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by Elizabeth Carvlin and Yvette ShieldsBond issuance in the Midwest surged last year to $78.8 billion from $62.7, billion in 2004 - a nearly 26% increase., The increase surpassed the national gain of 13.2% and spanned all sectors., All but one of the 11 states in the region saw an increase in volume as, issuers sought to take advantage of low interest rates to refund debt., Volume grew between 20% and 32% in all four quarters of 2005. The second, quarter recorded the strongest gain - 32% - with nearly $22.5 billion in, issuance, according to Thomson Financial. Refunding bonds accounted for, nearly all of the increase, skyrocketing 71.7% to $30.4 billion from $17.7, billion. New-money issuance held steady at $40.4 billion, up only 3.5%, from the previous year., Though interest rates had remained low over the past two years, issuers, held off on some advance refunding opportunities because of negative, arbitrage that results when the spread between short- and long-term rates, is wider. The flattened yield curve last year eliminated negative, arbitrage that occurs on the short-term securities purchased to establish, the escrows that are used to retire the refunded bonds as they become, callable., The majority of debt sold in the region was sold through negotiation -, $66.7 billion compared to $11.9 billion that was competitively bid., Revenue bond issuance grew by 40.2%, to $48.1 billion from $34.3 billion., General obligation issuance grew 8.2%, to $30.8 billion from $28.4 billion., Issuers in Indiana, Michigan, Minnesota, and Missouri all recorded, multibillion increases in their volume totals. Illinois, Iowa, Nebraska, North Dakota, Ohio, and Wisconsin posted more modest gains, and only South, Dakota experienced a drop after an increase in 2004., Volume was higher for all types of issuers with the exception of state, governments, which issued $5.9 billion last year, down by 14.6% from $6.9, billion in 2004. Municipalities drove their issuance totals up by 27.1%, to $37.6 billion from $29.6 billion a year earlier. State agencies sold, $22.7 billion, 30.2% more than in 2004., The jump in volume spanned all sectors, with education accounting for the, largest chunk with $25.7 billion of debt sold, a 17.5% increase over 2004., Transportation issuance nearly doubled to $6.8 billion from $3.6 billion, the year before. That figure was boosted by large deals, including, Chicago's December sale of $1.2 billion of new-money and refunding O'Hare, general airport revenue bonds, the Illinois State Toll Highway Authority's, $770 million new-money sale in June, and the Wayne County, Mich., Airport, Authority's sale of $507 million of revenue bonds in April., Health care borrowers recorded a robust rise in issuance in *2005-, to $10.1, billion from $5.9 billion., Indiana hospitals remained a strong presence in the market with the, issuance of $450 million of bonds through the Indiana Health and Education, Facility Financing Authority on behalf of Ascension Health, with Citigroup, Global Markets Inc. as lead underwriter. The Illinois Finance Authority, sold $350 million of bonds for Resurrection Health Care and $226 million, for Advocate Health Care Network. The Missouri Health & Educational, Facilities Authority issued $755 million of debt on behalf of SSM Health, Care., Volume this year in the Midwest will depend on a combination of factors, that include interest rates and the political and economic climate, according to Richard Ciccarone, chief research officer at Illinois-based, McDonnell Investment Management., I would not expect refundings to come in at quite the same level, but at, the state level politics and economics will play a role, Illinois, the governor is facing re-election and has major capital, improvement plans on his agenda. In Michigan, where issuance was strong in, *2005-, I see them being a little more prudent as they face some financial, Ciccarone predicted strong issuance in the health care sector as hospitals, attempt to remain competitive by building state-of-the-art facilities or, With volume and utilization numbers strong, because of the aging baby boom population, there's a facility war going on, Chicago ranked number one among issuers with $2.9 billion of debt sold in, 19 issues, due mostly to its $1.2 billion airport sale. The Illinois, Finance Authority, the state's main conduit issuer, was number two, with, $2.6 billion sold in 67 issues. Detroit followed with $2.4 billion in, eight issues, and the state of Ohio was fourth with $1.4 billion in 21, issues., Wisconsin came in fifth with $1.4 billion in eight issues. Michigan was, sixth with eight sales totaling nearly $1.4 billion. Illinois, in the, absence of a capital budget for two years, dropped to 15th, with $815, million of debt compared to its third-place finish a year earlier., Detroit had the largest single bond issue in the region in 2005 - $1.44, billion of pension obligation certificates, a taxable deal brought to, market on June 1., In Indiana, a reorganization of the state's issuers affected statistics, for the year. The Indiana Finance Authority completed 12 deals in *2005-, after legislation established the agency as the replacement for the, Indiana Development Finance Authority. The IFA issued $962.8 million of, debt, including about $400 million for a stadium for the Indianapolis, Colts. Goldman, Sachs & Co. and J.P. Morgan Securities Inc. served as the, lead managers on that Oct. 12 sale. The Indianapolis Local Public, Improvement Bond Bank sold $889 million of bonds, ranking 12th in the, region and second in Indiana, behind the IFA., The IFA also took over issuance of bonds to fund the state revolving fund, program, which had been issued through the Indiana Bond Bank. The Bond, Bank's ranking dropped to 111th from sixth in the Midwest in 2004 as that, program shifted and municipal borrowings slowed. The Bond Bank's, short-term borrowing had grown in recent years as statewide reassessments, delayed property tax collections for municipalities, according to Dan, Huge, executive director of the bank. The Bond Bank issued $1.3 billion of, tax warrants in *2003-, a figure that dropped to $750 million in *2005-, said., UBS Securities LLC held onto its top position among underwriters, managing, 208 issues totaling $9.56 billion, including Detroit's pension certificate, issuance in May. The firm finished 2004 with 152 issues in the region, worth $7.3 billion., Citigroup Global Markets - a co-senior manager on the Detroit sale and, book-running manager on the O'Hare sale - came in a close second, senior, managing $9.52 billion worth of debt in 163 issues. That was up, dramatically from the 86 issues totaling $3.5 billion last year, when the, firm also snagged second place., Merrill Lynch & Co. placed third with $4.7 billion of issuance in 53, deals, up from its eighth position a year earlier. J.P. Morgan came in, fourth with $4.2 billion of volume in 151 issues. Lehman Brothers rose to, the fifth position from ninth a year earlier. Bear, Stearns & Co. fell to, ninth place from fifth a year earlier. Despite a strong showing in several, states, including Wisconsin, the firm's Illinois drought continued due to, ongoing state and federal probes into how it won its book-running spot on, the state's $10 billion pension bond sale in 2003., Public Financial Management Inc. held on to its first place finish among, financial advisers in the Midwest by working on 254 deals totaling nearly, $5 billion. The Detroit pension certificate sale helped Robert W. Baird &, Co. capture the No. 2 slot, up from its fifth place finish in 2004., Chicago-based Scott Balice Strategies was one of the firms that also, benefited from the Detroit deal, moving up to seventh in the overall, rankings in the Midwest from 18 in 2004. In Michigan, the firm ranked, fourth among financial advisers. Working as FA on health care issuance, Kaufman, Hall & Associates Inc. broke into the top 10 in the Midwest, moving up to sixth place from 14th in 2004., Ice Miller, bond counsel on the Detroit pension bond sale, knocked Chapman, and Cutler LLP out of the first spot among bond law firms, working on, nearly $6 billion of debt compared to Chapman's $5.8 billion. Ice Miller, also served as bond counsel on several large deals for Indiana., Miller Canfield Paddock and Stone was third among bond counsel in the, Midwest, working on $4.9 billion of issuance. Lewis & Munday, which also, worked on the Detroit sale, rose to fourth from seventh place in Michigan, and jumped to number 12 from 59 among bond counsel in the Midwest.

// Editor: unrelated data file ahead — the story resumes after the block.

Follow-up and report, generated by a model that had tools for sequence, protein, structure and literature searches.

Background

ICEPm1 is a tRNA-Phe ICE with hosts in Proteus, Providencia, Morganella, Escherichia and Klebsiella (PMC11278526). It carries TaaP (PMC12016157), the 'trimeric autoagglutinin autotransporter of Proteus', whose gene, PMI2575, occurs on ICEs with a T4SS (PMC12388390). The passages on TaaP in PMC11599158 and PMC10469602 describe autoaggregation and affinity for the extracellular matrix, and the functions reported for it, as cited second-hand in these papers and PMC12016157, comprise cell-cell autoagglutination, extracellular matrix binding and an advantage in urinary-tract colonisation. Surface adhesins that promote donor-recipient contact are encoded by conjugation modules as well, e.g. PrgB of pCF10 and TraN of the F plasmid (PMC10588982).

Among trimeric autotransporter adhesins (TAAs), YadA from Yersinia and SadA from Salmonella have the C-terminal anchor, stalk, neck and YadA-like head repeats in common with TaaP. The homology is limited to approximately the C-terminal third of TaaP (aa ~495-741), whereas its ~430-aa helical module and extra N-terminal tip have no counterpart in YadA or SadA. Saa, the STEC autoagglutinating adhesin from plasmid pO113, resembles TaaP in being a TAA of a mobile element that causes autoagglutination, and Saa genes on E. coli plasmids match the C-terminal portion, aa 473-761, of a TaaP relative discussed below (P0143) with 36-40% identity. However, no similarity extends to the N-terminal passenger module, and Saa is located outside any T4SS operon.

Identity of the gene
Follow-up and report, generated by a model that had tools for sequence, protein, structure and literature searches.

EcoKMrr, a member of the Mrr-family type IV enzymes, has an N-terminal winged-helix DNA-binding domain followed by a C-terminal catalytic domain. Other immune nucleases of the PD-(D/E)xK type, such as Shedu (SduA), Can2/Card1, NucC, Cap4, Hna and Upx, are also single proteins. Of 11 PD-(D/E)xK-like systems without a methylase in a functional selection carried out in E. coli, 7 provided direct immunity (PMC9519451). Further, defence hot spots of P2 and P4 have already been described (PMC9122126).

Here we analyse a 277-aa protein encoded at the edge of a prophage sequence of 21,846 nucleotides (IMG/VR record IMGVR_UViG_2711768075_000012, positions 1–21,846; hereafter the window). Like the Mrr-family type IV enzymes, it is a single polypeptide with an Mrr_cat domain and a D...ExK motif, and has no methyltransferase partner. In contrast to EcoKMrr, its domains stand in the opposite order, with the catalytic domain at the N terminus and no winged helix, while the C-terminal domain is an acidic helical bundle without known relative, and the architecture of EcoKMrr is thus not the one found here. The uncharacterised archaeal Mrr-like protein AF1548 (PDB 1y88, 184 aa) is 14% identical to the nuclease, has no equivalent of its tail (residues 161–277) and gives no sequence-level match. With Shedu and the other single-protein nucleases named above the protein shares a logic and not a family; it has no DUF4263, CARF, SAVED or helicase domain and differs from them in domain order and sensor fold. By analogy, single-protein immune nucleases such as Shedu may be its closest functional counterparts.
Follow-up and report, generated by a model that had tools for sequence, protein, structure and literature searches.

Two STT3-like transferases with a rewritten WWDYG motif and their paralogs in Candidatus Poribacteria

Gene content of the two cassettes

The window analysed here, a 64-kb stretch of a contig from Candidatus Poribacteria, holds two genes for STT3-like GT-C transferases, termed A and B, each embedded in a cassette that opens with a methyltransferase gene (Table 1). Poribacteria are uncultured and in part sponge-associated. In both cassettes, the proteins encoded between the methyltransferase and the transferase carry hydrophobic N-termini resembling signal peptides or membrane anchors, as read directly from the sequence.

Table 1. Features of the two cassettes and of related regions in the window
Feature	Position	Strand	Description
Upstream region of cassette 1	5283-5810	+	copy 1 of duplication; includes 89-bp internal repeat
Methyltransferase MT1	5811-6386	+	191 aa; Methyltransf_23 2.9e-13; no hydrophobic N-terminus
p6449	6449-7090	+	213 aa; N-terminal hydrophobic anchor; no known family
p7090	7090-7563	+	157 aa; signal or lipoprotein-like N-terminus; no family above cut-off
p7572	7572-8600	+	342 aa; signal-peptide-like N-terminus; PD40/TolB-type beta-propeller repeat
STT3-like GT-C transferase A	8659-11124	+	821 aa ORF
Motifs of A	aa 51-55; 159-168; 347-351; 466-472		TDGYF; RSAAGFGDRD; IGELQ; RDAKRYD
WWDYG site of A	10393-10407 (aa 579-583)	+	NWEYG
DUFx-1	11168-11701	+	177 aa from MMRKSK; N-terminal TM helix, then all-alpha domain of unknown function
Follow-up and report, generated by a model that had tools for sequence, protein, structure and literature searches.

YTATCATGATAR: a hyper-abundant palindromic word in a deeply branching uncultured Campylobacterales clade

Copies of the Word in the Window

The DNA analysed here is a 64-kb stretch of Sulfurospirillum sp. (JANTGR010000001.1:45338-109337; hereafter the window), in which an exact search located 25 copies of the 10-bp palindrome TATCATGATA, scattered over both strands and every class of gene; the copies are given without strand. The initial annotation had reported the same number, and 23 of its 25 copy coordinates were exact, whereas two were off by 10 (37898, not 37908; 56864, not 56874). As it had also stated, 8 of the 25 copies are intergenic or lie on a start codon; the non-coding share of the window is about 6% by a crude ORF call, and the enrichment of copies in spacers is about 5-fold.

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by Elizabeth AlbaneseThe Denver Convention Center Hotel Authority is scheduled today to sell, $358.5 million of XL Capital Assurance-insured convention center hotel, senior revenue refunding bonds to take out debt issued in 2003 to finance, a Hyatt hotel., Piper Jaffray & Co. is the lead book-running manager for the deal. UBS, Securities LLC is the co-senior manager of the transaction, with A.G., Edwards & Sons Inc., George K. Baum & Co., Harvestons Securities Inc., JPMorgan, D.A. Davidson & Co., RBC Capital Markets, and Stifel, Nicolaus &, Kutak Rock LLP is the authority's bond counsel, and Bookhardt & O'Toole, will serve as underwriters' counsel for the transaction. JPMorgan Trust, Co. is trustee., Although some of the firms' names have changed, the underwriting syndicate, is the same team that sold the authority's Series 2003 hotel revenue bonds., That issue of debt financed the construction of a 1, 100-room Hyatt to, serve the needs of an expanded Colorado Convention Center in downtown, Denver. The hotel opened this past December., Proceeds of the issue scheduled for this week will refund the outstanding, 2003 bonds., According to the preliminary official statement, the bonds will be offered, in a term bond structure, with the issue reaching a final maturity in 2035., Standard & Poor's has assigned an underlying rating of BBB-minus to the, Series 2006 bonds, while Moody's Investors Service rates the debt Baa3., Fitch Ratings does not rate the credit., The bonds are secured by net hotel revenue and fixed contributions from, the city of Denver. Denver's share of the debt service will be funded by, an annual appropriation that averages between 40% and 42% of annual debt, service obligations., According to the Standard & Poor's report released March 31, the demand, The report, written by analysts Jodi Hecht and Scott Taylor, states that, the ramp-up period for the hotel is expected to last four years., The downtown Denver hotel market RevPAR [revenue per available room] is, below the average of the top 25 markets in the U.S., which may not support, the hotel's projected RevPAR and growth in room rate, which is above the, the long bond, term exposes lenders to increasing competition and deteriorating physical, However, the deal also reflects a number of credit strengths, the report, said, including strong support by the city, a good location alongside the, convention center, hotel management by Hyatt Hotel Corp., and the fact, that the facility is already operational, which eliminates construction, risk., Debt service for the Series 2003 bonds ranges from $19 million to $20, million per year, with no debt service payments in 2004 and 2005 and slow, amortization over the following 23 years., The original bonds were priced to yield 4.4% on the 2033 final maturity.